Fortune’s 2010 Business Person of the Year: #1 Netflix Ceo, Reed Hastings; #3-Apple CEO Steve Jobs

Parallels Desktop 6 for MacFortune reporter, Peter Newcomb writes, “What does it take to be at the top of business in 2010? We searched for leaders who didn’t just crawl from the wreckage of the Great Recession, but sprinted from it. This year Hastings has thrown his company’s muscle behind delivering television and movies over the Internet, risking his $2-billion-in-sales DVD-by-mail business. The result: a company that has grown from a gnat to a giant.”

Kleiner Perkins partner, John Doerr tells Fortune about Hastings, “He’s a hero of mine, as a human and as a leader. Reed was ahead of the technology curve with the DVD and completely changed an industry.”

Fortune reports, “Netflix, which Hastings founded in 2007, is the stock of the year, up more than 200% since January. Hastings doesn’t think Netflix will ever provide all the entertainment people want. His customers will also go to movie theaters, opt for pay-per-view on cable, or download via iTunes.” “We don’t have to be exclusive,” Hastings tells Fortune. “We just have to provide enough value that you stay with us for $9 a month.”

Fortune debuts its first ever Business Person of the Year with 49 other movers and shakers on the list, including #2-CEO of Ford Alan Mulally; #3-Apple CEO Steve Jobs; #4-Facebook CEO Mark Zuckerberg; and #5-DuPont CEO Ellen Kullman.

Of Steve Jobs, Fortune Reader’s Choice #2 (Alan Mulally is RC #1), Adam Lashinsky writes, “Steve Jobs and his company move from strength to strength to strength. In the past year Apple and its still-very-much-in-charge CEO have introduced the game-changing iPad, months ahead of the largely absent competition (latest stats: Apple controls 95% of the nascent tablet market); survived Antennagate (the iPhone 4 wasn’t all it was cracked up to be, but no matter); escaped any bad publicity over the dozen-plus suicides this year at its main supplier, Foxconn; gone to battle with Google over the future of the smartphone; and begun the transition from disk-drive-based computers to the radical flash-memory MacBook Air. Oh, and Apple’s 50% stock appreciation this year took it soaring past Microsoft to become the most valuable technology company on earth and second largest in capitalization only to Exxon Mobil. Analysts are now eyeing Apple’s growth in China, where owning a Jobs-crafted gizmo is a status symbol, and where the surge is just starting. After we named Jobs the CEO of the Decade in 2009, the bar was set high for this year. He cleared it — and then some.”

Full article here.

15 Comments

  1. I can’t really argue with choosing Netflix. They chose to embrace new directions (like Jobs’ Apple) rather than sitting on what they had (like Sculley’s/Schindler’s/Amelio’s Apple).

  2. Apple should have been Netflix, except for the fact that Steve Jobs hasn’t been neutral hardware solutions provider being Disney’s largest shareholder and all.

    Without a constant stream of new content, your dead. How many people are going to buy a AppleTV just to watch Hanna Montana and Barney the Dinosaur?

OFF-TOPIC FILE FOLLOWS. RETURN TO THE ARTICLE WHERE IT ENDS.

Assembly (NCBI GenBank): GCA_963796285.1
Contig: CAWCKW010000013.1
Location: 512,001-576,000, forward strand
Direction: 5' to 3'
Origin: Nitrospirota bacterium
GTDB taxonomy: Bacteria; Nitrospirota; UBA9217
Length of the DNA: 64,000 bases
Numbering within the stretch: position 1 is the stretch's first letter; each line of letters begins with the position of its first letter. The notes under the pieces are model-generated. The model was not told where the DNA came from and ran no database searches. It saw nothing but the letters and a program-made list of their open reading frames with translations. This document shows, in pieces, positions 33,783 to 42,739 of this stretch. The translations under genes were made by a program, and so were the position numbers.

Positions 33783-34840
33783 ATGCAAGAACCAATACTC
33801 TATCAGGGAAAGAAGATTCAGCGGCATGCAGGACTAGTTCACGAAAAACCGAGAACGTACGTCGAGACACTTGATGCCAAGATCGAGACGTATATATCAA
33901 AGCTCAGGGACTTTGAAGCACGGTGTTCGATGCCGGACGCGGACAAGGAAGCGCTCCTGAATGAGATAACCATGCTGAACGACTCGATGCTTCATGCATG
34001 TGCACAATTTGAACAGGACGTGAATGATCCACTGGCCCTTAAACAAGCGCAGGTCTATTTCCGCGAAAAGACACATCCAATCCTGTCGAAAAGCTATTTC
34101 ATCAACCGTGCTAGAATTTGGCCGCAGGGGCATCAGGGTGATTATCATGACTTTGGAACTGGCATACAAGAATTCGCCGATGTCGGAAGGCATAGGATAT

3. @Bunches of Munches
    Ha, Netflix wishes it was Apple, even on Apple’s worst days. Talk about not having a perspective.
    Come back when Netflix is around 30 years from now vying for being the best corporation around.

  4. Yeah can’t argue with that. Steve Jobs is consistently in the top 5. That is really good. Ford survived a crucial time is their industry.

    that means Jobs is number 1 in his respective field of business. That says a lot considering how he has pulled his company away from competition and set standards.

    Right now Apple’s worst enemy is itself.

  5. > …the most valuable technology company on earth and second largest in capitalization only to Exxon Mobil.
    Apple is the third largest company by market cap, behind Exxon and PetroChina. Steve Jobs is also not the third best Business person of the year, Fortune. ” width=”19″ height=”19″ alt=”wink” style=”border:0;” />

  6. What a steaming load of… Jobs basically created the cloud for consumer use.

    If you disagree with that, try this on… What has Netflix done? They deliver a lousy selection of streaming media (with mixed quality) to a variety of devices. Nothing Internet radio hasn’t been doing for much longer. Has Netflix actually developed anything, other than a set of warehouse distribution centers and a modest server farm?

    Compare that to Jobs, this year alone… Revolutionized the tablet. Something that M$ has struggled with for a decade. For that reason alone, Jobs and Apple leap over Netflix.

  7. SJ is still in the top 3. Reed has also done a phenomenal job in disrupting the established video rental market and has successfully executed on streaming media subscriptions. The were actually planning to release their own Netflix only hardware player and decided nearly at launch time to revamp their entire strategy. This key decision to support multiple hardware players is why they’re experiencing such tremendous market and stock growth. While I would still pick SJ as 1, Reed would easily be in my top 3.

  8. @ drbacon: “Apple is the third largest company by market cap, behind Exxon and PetroChina.”

    No.

    As far as I can tell, Apple surpassed PetroChina in market capitalization in late September. Currently, only Exxon currently has a larger market cap.

Reader Feedback

This site uses Akismet to reduce spam. Learn how your comment data is processed.